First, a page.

The frame switches to another kid from the front peeking behind the seat.


The frame changes to a kid in the backseat looking forwards with his hands together. His eyes are a bit wide. He looks concerned and maybe speechless.


The kid in the back seat looks down. You can tell he does not support how sweater boy is being treated but he doesn’t look anymore. It’s like he does not know what to do but to keeps quiet.


The camera catches more faces of the students in the bus. Two guys whose eyes is looking forward, slightly to the right. They look concerned with their mouth slightly parted but they look like they don’t know what to do.

The purpose of the video is to expose to people that often many times when students see someone get bullied, they just watch blankly because they do not know what to do. They are either scared or holding back. Furthermore, the video is targetted to the parents, encouraging them to teach their kids to speak out when they see bullying take place.

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3 Responses to A02: Visual Rhetoric- wildcuttlefish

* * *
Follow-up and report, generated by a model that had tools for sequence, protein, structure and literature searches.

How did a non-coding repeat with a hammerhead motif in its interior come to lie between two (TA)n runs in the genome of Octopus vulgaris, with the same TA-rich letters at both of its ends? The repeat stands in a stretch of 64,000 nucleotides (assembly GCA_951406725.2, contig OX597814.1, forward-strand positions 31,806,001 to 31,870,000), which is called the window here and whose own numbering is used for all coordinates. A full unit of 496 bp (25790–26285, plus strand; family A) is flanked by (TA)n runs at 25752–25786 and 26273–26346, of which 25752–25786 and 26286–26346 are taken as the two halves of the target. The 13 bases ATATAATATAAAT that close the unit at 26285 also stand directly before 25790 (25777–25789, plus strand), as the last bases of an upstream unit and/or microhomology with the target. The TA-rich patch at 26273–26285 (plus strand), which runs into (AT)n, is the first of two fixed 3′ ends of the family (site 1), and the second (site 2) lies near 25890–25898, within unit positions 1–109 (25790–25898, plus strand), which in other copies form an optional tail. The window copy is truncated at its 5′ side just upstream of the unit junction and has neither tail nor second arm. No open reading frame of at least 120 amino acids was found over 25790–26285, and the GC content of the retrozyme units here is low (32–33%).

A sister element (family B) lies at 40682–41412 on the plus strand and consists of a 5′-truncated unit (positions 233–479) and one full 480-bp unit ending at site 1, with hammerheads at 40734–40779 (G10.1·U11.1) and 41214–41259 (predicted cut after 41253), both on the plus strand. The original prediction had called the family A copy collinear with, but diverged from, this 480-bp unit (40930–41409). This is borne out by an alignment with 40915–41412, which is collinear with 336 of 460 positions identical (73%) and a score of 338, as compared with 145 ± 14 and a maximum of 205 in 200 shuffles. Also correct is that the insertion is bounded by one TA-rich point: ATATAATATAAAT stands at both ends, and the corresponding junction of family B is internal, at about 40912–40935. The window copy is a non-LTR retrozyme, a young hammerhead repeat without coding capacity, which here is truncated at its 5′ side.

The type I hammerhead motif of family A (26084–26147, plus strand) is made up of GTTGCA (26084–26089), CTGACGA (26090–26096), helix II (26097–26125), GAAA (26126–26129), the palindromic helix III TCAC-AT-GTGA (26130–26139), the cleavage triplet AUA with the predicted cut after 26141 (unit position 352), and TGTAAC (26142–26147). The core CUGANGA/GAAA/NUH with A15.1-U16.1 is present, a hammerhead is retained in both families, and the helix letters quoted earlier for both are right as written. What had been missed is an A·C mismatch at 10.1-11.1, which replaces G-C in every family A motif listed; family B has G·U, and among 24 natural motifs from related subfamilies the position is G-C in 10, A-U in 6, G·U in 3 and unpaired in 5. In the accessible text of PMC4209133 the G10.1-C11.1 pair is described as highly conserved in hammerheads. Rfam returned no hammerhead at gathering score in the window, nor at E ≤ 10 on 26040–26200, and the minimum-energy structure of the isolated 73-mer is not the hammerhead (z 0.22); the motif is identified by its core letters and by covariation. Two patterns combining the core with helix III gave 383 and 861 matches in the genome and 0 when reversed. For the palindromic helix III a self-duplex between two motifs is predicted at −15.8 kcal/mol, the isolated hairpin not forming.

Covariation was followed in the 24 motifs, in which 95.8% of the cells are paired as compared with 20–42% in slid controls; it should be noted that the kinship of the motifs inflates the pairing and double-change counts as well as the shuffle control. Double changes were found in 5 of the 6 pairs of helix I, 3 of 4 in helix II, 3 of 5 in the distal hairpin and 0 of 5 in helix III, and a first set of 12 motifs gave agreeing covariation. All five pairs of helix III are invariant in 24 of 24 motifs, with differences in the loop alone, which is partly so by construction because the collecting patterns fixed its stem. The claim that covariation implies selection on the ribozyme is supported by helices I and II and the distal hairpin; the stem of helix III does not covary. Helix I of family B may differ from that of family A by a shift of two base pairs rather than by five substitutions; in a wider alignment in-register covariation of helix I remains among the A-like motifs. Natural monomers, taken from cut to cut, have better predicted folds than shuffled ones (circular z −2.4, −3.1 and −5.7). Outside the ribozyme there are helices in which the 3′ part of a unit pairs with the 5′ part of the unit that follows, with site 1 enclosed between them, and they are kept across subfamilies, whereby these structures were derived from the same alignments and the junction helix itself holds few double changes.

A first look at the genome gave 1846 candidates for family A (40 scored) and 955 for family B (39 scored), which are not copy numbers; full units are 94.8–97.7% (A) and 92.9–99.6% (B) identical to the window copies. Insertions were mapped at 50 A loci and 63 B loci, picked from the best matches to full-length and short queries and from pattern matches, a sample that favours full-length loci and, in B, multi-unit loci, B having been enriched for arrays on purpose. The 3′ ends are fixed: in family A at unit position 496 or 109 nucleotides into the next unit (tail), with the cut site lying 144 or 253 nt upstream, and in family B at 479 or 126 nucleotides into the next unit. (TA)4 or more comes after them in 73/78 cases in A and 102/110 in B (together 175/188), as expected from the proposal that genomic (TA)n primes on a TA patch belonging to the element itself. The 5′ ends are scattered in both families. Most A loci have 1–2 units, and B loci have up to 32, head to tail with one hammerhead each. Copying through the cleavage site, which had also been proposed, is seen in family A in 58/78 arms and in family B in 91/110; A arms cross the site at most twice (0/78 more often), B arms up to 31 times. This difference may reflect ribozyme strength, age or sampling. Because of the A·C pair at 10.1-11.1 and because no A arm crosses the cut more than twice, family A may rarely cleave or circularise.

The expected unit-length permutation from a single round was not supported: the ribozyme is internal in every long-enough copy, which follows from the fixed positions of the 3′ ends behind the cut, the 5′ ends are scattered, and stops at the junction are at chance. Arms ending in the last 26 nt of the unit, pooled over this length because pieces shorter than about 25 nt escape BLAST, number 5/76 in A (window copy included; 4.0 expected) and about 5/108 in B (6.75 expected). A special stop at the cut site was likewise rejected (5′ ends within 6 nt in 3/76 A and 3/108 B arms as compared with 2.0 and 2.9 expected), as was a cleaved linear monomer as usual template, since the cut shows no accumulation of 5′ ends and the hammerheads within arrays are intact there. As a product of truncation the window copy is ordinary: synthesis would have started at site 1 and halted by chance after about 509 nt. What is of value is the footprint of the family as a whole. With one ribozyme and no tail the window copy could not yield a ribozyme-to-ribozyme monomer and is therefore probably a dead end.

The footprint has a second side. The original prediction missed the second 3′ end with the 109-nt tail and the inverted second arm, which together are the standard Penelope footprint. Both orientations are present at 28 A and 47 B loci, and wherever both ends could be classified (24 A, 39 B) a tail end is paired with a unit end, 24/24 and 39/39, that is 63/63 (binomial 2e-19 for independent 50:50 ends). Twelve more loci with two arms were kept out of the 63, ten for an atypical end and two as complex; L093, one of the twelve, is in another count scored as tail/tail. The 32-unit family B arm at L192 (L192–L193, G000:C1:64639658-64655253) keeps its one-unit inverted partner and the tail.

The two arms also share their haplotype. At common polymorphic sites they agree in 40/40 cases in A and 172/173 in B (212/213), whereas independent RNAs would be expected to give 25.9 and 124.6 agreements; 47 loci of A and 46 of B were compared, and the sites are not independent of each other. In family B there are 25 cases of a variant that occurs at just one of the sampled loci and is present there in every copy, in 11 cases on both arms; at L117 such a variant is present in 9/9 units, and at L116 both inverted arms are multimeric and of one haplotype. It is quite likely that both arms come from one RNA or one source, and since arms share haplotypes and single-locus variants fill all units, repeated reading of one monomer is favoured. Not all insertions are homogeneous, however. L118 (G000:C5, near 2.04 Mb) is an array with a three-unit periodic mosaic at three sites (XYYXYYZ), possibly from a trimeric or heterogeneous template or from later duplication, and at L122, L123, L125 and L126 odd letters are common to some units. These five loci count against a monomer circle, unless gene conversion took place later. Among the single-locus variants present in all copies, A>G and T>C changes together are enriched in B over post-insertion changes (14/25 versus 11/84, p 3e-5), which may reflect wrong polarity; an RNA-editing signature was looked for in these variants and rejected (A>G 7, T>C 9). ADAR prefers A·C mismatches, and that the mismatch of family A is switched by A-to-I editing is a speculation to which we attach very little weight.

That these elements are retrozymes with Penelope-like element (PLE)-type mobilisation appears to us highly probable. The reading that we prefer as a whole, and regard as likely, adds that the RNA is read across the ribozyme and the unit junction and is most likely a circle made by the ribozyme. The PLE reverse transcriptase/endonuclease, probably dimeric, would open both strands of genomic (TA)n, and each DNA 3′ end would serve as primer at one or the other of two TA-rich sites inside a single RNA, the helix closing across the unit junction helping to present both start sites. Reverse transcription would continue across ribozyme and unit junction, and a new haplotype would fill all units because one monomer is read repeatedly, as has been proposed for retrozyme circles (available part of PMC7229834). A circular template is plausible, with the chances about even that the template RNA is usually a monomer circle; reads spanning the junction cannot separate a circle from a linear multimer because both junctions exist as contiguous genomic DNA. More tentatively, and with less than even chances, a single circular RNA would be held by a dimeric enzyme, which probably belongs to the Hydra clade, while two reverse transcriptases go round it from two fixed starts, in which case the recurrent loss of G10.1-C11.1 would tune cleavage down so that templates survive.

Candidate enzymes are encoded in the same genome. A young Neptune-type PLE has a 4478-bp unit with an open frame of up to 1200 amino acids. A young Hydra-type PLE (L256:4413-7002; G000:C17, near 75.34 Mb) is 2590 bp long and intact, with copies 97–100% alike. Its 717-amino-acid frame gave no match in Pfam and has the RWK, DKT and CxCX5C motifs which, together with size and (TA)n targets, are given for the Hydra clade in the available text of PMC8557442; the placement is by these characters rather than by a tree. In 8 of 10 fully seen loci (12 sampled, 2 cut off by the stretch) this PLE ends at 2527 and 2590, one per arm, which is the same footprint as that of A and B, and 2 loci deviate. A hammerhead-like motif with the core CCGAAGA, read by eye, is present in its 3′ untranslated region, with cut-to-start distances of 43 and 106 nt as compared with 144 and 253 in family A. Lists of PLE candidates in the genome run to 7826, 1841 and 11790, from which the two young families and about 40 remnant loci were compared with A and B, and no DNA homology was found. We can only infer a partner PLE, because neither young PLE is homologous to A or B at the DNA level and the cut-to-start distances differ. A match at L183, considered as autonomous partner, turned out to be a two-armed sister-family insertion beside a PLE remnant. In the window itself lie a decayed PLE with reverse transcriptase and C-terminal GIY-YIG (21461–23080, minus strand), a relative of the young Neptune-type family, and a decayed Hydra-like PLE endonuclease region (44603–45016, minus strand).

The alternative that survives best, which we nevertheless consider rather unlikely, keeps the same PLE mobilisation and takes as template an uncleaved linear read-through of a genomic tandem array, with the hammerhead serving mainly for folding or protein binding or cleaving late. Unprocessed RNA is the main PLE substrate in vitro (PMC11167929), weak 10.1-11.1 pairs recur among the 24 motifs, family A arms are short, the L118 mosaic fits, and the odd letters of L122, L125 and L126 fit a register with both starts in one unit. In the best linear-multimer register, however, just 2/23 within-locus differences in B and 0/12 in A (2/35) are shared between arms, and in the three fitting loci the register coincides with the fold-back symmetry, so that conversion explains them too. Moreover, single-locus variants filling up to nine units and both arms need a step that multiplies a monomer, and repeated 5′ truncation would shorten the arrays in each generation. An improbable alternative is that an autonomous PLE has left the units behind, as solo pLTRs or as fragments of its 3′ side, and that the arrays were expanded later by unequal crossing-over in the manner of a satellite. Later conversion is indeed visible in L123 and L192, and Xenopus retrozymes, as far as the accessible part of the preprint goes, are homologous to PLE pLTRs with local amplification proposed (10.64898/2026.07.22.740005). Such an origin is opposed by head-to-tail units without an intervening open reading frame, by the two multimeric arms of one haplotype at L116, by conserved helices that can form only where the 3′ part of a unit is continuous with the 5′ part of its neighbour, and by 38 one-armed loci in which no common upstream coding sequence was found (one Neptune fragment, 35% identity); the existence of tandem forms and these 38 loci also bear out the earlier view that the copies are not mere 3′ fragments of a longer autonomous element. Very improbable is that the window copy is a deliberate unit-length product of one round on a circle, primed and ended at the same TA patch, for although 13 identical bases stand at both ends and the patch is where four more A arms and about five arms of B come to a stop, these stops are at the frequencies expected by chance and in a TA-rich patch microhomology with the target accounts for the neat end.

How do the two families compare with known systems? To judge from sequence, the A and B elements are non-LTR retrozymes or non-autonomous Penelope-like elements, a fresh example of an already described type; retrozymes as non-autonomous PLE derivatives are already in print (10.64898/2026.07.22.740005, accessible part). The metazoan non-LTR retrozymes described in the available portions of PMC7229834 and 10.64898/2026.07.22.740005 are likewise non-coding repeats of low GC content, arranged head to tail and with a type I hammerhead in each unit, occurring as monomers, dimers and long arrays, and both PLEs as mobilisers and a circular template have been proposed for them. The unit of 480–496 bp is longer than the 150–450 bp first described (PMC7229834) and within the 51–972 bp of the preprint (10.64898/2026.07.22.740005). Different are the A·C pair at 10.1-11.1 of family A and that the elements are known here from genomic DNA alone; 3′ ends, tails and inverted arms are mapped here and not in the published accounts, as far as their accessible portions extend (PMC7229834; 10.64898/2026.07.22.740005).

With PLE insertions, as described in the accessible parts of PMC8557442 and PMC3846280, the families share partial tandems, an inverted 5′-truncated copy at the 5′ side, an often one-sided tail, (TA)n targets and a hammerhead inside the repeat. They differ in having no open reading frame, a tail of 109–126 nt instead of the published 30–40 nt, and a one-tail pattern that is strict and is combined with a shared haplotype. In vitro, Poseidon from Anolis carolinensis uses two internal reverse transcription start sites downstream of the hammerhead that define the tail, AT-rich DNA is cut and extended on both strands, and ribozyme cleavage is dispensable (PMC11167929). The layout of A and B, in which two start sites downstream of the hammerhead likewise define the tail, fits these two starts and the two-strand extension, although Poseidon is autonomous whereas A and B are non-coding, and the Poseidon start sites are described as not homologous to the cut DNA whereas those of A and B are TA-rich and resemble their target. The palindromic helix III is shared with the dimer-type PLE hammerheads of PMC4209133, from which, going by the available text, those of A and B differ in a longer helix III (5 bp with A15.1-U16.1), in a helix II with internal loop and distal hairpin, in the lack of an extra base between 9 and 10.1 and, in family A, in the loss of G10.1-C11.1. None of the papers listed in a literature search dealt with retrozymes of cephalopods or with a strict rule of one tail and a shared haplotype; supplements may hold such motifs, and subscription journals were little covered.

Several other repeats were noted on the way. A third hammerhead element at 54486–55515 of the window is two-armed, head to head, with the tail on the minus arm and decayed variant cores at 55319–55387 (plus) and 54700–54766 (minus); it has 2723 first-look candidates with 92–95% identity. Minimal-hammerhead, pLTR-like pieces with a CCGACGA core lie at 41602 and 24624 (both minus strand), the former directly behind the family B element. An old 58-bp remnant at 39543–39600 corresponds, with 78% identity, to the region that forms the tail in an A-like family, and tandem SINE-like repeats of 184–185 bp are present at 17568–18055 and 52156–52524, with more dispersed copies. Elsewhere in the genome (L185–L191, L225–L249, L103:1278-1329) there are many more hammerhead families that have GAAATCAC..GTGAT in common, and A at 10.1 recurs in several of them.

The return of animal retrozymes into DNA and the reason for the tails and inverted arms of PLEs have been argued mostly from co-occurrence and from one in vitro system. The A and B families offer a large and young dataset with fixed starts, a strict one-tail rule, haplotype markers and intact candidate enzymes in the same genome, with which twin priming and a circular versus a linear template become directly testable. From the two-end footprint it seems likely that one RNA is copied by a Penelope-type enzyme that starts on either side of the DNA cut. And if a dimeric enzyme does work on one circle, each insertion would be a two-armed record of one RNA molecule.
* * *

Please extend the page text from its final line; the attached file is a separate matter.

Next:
1. wildcuttlefish says:

    feedback was requested.

    Feedback provided.


  2. davidbdale says:

    OK, wildcuttlefish, Let’s go.

    Before I begin with your personal notes, let me say I have written extensively on this video in feedback for your classmate fromcasablanca.


    Please refer to those notes for my observations about the mechanics of the interactions among the students. I don’t want to have to repeat myself about those details; however, I will find plenty to say, I imagine, about your own work, which I will share with you now.

    00-03. Already I see you’ve done what fromcasablanca did: ignore the first few seconds when the audience is told that what follows is real. Read my earlier notes on this, please.

    03. It’s pretty obvious the boy was pushed from the seat. You conclude good neighborhood without offering a shred of visual evidence. Remember, you need to provide all the context here, as if you were telling a blind person about the scene (or if not blind, someone who had no access to the video).

    05. fromcasablanca never mentioned the bus driver. What do you suppose is the purpose of this continued attention from the driver? You can make a conjecture now, not knowing what transpire. That opinion may change by the end of the video. You can refresh us then.